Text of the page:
B. Govindarajan, chief operating officer of Tirwin Management Services, said, “This is a uniquely positioned airport with all major transport systems — bus, suburban railway and metro — linked to it, but unfortunately its value has not been exploited entirely. Despite some of its inherent flaws, privatisation is essential for this airport because the city has already lost out a lot in the last 10 years. Air Asia, for instance, was compelled to move its base to another city though it considered Chennai at first. One of the major reasons is the lack of slots and parking space and other airside infrastructure. If this is given to a private player, there is a strong possibility that he could overcome the land issues and up the game for the city.”

Some of the basic issues that passengers face like delay in baggage collection, long queues in check-in, security and immigration and lack of hygiene in toilets may be addressed and handled better in a private airport, he adds.

A private player-managed airport would ensure that the asset is completely unlocked, unlike a government-run airport where it remains under-leveraged. Industry sources say one can visibly see the difference in growth and expansion in privately managed airports like Delhi, Mumbai, Bengaluru or Hyderabad, compared with Chennai. A source points out that Bengaluru and Hyderabad have moved past Chennai in just a couple of years in terms of facilities, connectivity to various destinations and the number of flights and passengers handled.

Second airport

While privatisation could happen a few years down the line, the immediate plan should be to fast-track the process for a second airport in the city, experts say. Aviation consultancy Centre for Asia Pacific Aviation India has reiterated that Chennai, Pune and Kolkata are “at the greatest risk of saturation, requiring second airports”.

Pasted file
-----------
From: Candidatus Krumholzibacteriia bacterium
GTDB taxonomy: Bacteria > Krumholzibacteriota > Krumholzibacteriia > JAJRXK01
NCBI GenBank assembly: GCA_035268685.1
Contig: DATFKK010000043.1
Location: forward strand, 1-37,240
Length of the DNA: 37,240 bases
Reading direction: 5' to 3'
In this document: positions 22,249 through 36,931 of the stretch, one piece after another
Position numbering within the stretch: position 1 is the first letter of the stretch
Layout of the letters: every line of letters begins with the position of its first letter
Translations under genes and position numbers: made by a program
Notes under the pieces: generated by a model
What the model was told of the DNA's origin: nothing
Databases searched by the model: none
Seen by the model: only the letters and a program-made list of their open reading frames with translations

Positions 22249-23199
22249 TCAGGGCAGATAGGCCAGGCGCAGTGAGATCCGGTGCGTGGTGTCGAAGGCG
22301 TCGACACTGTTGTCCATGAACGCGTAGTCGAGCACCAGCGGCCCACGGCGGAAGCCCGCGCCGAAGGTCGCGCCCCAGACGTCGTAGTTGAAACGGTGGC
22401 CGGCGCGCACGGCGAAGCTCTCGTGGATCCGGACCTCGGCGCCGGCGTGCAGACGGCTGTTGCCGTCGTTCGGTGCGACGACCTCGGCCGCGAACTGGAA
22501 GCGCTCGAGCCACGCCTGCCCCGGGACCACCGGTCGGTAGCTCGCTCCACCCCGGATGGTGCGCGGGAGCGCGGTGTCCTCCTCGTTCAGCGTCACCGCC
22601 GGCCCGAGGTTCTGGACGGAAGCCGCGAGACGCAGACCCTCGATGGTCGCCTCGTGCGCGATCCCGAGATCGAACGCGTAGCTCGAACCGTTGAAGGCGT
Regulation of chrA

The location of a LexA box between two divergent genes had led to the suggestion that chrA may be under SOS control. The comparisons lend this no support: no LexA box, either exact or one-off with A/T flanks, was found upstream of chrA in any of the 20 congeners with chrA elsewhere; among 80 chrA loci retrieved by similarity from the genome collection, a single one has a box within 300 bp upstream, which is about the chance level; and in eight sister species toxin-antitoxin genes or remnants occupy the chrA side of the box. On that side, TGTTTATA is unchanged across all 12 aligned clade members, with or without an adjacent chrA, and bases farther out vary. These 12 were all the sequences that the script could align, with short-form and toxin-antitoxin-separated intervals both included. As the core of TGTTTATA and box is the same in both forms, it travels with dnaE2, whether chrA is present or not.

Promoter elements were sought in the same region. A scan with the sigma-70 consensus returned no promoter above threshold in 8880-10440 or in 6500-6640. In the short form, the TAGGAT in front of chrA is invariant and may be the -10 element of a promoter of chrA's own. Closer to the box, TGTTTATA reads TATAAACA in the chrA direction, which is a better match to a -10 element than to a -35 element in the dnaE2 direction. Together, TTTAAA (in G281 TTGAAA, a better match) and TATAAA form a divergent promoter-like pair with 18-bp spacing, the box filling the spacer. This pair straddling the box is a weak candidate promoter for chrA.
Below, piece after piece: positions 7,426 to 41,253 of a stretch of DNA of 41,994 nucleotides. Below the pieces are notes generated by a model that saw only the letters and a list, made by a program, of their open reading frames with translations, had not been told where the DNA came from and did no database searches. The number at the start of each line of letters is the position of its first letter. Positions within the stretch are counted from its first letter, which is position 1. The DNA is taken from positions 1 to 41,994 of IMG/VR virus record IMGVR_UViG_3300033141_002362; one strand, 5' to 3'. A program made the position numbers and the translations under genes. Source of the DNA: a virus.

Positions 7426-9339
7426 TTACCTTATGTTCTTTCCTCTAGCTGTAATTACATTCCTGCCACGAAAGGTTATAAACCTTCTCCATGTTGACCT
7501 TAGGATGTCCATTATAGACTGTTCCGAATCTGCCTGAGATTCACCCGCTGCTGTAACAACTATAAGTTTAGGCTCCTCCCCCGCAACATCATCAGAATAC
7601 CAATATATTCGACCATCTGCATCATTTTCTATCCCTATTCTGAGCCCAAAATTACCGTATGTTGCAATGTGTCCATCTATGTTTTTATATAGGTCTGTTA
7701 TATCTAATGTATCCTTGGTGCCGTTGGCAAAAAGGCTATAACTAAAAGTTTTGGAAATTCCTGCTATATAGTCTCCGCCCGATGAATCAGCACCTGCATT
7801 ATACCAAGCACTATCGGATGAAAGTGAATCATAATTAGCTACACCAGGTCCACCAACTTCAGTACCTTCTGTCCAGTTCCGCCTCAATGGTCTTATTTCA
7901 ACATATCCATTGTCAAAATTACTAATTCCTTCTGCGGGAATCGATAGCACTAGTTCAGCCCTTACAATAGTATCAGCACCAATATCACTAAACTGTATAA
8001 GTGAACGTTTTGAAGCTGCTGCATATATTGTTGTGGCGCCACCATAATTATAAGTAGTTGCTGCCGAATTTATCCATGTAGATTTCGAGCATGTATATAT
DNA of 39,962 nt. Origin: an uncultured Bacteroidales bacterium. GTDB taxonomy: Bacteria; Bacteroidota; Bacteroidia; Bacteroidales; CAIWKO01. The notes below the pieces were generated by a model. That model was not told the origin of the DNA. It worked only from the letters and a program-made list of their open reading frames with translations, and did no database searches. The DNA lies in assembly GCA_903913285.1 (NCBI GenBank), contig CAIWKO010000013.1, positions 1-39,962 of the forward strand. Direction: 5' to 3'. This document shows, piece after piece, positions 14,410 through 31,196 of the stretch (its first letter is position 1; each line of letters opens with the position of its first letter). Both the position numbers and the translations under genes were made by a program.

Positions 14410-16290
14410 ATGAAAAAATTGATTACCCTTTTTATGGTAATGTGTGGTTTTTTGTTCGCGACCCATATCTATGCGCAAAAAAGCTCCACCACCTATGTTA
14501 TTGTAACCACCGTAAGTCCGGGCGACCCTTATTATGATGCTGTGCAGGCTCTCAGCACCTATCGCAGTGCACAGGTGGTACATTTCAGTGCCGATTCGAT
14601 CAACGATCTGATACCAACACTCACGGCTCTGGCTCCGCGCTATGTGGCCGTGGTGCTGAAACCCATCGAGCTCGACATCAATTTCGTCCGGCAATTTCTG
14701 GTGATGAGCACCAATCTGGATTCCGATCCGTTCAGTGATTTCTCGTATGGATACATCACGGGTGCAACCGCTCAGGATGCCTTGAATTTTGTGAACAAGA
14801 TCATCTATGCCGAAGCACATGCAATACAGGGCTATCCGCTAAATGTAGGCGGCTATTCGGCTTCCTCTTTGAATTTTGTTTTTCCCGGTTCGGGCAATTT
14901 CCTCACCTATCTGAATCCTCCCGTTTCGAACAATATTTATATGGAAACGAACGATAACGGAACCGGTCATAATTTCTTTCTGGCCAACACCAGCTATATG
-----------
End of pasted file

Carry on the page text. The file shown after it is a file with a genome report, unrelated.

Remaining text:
The plan to build a second airport for the city is back on track after almost a decade of lull. For now, two sites — Pannur and Parandur — have been shortlisted by the AAI and the decision now lies with the State government to pick a site. While the AAI, in its pre-feasibility study, has recommended that Pannur be a better choice, it is up to the State government to choose it wise and soon.

From Obstacle Limitation Surface survey to Techno Economic Feasibility Study and from land acquisition to safety and environmental clearances, there is a lot of work left to be done by the State government. An important meeting between Tamil Nadu Minister for Industries Thangam Thennarasu and Union Minister for Civil Aviation Jyotiraditya Scindia was scheduled in mid-June to discuss and finalise the site, but it was postponed in the last minute.

Industry sources fear this plan could once again vanish in thin air if a site is not chosen and the ground work doesn’t begin at the earliest.

Kapil Kaul, CEO and director of CAPA South Asia, says, “A second airport for a city doesn’t happen overnight and requires a decade of planning; it is long overdue and the authorities have to begin at least now. Usually a second airport should be part of the State’s master plan for a city.”

“After the Sriperumbudur plan, the State has really come close to finalising a site only now. So, it is highly imperative that they take it up now with a sense of urgency so that within a decade the second airport is available. Chennai has also had a historic problem of its inability to expand further owing to lack of land availability within the city limits. Though some terminal and airside expansion is on, from a long-term perspective, the airport will be saturated soon when the growth spikes in the near future,” he adds.

Though most passengers are looking forward to a second airport, they must brace for a nearly two-hour journey if the airport is to come up at either of the sites. Hence, even as the planning for a second airport begins, the State government needs to consider access infrastructure like a dedicated expressway or a high-speed rail or metro connectivity. Since there is a plan to extend Chennai Metro Rail up to Thirumazhisai from Poonamallee Bypass under Phase-II, it could further be extended to Pannur or Parandur. Or it will mean not only an exhausting journey for passengers but also a hefty cab charge to reach the airport.

“When you build an airport, you just don’t focus on it exclusively; rather you have to simultaneously look at access infrastructure. There was a challenge in Bengaluru and Hyderabad and the access infrastructure came up after the airports were opened; it did impact the city and the passengers for a long time. In Chennai, when they are planning for a second airport, they have to think that the multi-modal infrastructure should also be a part of it,” Mr. Kaul adds.